Patricia Arquette Wants You to Get a Raise — Here's How to Make It Happen
An exciting moment for many Oscar viewers on Sunday was Patricia Arquette's Best Supporting Actress acceptance speech for her role as the protagonist's mother in the film Boyhood.
“To every woman who gave birth, to every taxpayer and citizen of this nation, we have fought for everybody else’s equal rights,” Arquette said. “It is our time to have wage equality once and for all, and equal rights for women in the United States of America!”
Those words, which drew cheers from fellow actresses Meryl Streep and Jennifer Lopez, reflect growing tensions in Hollywood over the way women in the industry are represented and compensated. Not only do actresses have fewer roles available to them than men—only 30% of speaking characters—but they are paid less across the board. Even Academy Award-winning women face a huge pay gap: They get an extra $500,000 on average tacked on to their salary after winning an Oscar, compared with a $3.9 million bump for men.
Of course, pay discrimination is not limited to La-La Land. Women still make only 78¢ for every dollar a man makes, the Census reports, and that's true across all wage levels, for everyone from truck drivers to top executives.
If you're frustrated by your salary (or the pay earned by a woman in your life) and Arquette's words resonated with you, here are some ways to change things right now.
1. Talk to a man whose job you want
A recent study found that women tend to express satisfaction with low pay because they compare themselves with female peers, and therefore never get a full picture of how underpaid they are relative to men.
Finding a male mentor in a position a notch or three above you can be a huge asset for many reasons, but one of the biggest is that he can give you an unbiased idea of what salary you should be asking for when you seek a promotion or new job.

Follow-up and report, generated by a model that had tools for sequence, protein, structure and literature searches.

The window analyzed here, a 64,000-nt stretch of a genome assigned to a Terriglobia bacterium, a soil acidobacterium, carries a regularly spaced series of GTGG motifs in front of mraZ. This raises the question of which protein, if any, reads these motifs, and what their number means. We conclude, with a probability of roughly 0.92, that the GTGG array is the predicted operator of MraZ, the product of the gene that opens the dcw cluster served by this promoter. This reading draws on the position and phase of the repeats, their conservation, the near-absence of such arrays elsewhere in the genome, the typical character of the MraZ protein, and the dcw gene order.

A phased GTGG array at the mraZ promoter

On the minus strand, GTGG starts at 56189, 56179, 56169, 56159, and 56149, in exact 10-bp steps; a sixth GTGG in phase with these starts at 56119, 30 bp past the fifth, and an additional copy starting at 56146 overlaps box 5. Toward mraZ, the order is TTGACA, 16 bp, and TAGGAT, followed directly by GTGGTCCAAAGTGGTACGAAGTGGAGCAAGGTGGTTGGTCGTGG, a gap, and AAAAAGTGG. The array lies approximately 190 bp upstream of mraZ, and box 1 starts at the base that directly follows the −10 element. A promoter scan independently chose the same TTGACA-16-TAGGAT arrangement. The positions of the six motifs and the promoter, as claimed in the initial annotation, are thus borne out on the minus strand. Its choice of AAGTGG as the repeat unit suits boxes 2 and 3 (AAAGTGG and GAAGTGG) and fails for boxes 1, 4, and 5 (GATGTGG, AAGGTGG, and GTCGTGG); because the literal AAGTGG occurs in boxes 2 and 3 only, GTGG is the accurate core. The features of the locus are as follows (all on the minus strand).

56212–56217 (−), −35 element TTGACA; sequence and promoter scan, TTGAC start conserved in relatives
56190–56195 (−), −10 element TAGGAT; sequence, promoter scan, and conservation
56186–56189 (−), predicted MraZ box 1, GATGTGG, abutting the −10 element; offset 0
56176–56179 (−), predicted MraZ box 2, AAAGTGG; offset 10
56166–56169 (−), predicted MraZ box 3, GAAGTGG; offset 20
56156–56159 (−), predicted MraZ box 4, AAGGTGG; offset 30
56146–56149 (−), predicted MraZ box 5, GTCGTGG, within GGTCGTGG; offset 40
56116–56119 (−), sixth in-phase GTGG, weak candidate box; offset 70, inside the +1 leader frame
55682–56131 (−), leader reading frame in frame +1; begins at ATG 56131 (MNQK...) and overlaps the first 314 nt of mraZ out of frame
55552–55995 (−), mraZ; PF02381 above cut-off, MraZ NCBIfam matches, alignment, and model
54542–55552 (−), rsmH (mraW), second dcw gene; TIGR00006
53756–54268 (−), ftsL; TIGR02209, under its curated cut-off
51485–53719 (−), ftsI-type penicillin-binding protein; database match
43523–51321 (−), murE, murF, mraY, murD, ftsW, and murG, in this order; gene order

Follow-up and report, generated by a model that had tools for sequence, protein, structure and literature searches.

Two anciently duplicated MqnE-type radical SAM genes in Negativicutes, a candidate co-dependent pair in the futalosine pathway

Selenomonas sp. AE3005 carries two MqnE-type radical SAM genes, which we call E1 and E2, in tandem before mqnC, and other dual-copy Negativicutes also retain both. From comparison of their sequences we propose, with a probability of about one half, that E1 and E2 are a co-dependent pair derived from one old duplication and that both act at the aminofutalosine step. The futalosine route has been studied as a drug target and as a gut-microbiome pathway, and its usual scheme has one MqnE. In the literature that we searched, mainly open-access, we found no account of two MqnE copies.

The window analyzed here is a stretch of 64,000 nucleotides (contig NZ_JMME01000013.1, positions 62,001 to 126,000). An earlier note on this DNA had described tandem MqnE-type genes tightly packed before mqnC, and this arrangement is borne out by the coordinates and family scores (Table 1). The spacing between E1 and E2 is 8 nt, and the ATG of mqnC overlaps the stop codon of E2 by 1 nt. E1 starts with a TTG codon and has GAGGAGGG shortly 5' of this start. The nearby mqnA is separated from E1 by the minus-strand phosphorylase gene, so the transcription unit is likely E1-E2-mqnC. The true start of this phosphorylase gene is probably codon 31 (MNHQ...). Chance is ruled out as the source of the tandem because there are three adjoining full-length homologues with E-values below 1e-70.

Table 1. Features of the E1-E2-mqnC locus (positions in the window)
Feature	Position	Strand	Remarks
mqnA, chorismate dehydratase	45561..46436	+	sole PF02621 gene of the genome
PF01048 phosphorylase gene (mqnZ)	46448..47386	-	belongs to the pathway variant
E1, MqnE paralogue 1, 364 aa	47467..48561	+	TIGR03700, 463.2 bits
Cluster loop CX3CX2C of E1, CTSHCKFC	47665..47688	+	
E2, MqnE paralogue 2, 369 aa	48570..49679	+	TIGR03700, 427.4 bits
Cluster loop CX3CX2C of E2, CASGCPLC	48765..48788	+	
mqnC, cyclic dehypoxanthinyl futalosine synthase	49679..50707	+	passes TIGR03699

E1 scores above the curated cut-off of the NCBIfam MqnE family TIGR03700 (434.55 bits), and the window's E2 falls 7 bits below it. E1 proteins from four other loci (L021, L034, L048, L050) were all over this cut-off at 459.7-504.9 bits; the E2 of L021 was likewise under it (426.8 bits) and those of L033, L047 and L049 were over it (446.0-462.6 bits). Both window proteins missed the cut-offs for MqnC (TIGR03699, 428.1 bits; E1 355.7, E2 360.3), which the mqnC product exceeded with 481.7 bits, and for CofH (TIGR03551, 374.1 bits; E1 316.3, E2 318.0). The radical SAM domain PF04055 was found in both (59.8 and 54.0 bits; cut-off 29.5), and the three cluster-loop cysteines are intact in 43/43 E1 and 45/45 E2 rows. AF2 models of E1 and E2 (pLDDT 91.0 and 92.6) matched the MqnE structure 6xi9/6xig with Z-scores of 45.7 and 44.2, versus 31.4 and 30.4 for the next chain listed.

2. Don't say "yes" without making a counteroffer
Whether because of social expectations or a hesitation to appear too aggressive (a fear that is not unfounded given proven workplace biases), women are less likely to negotiate than men. One study revealed that only 31% of women countered the salary offer for their first job after grad school, versus 50% of men.
When you are asking for a raise or naming your salary expectations for a new job, it helps to come prepared. You'll want to be ready with a clear description of your successes and how you have added value in your current position. And you should have an exact dollar figure in mind; research shows negotiating with a specific number makes you sound more authoritative than using a ballpark one.
If you get a resounding "no," don't just give up: Consider asking for a one-time bonus instead.
3. Become a mentor
It's obvious advice to seek out strong mentors to get ahead at work. But taking subordinates under your wing can be just as effective for increasing your status.
Wharton professor Adam Grant has shown that women and men alike tend to be most successful when they balance both giving and taking at work. And women in particular can get a leg up as negotiators when they are in a mentor position, Grant found.
When the higher ups see you as a person who gives a lot and supports the people around you, it's easier for you to take a little back—in the form of higher pay.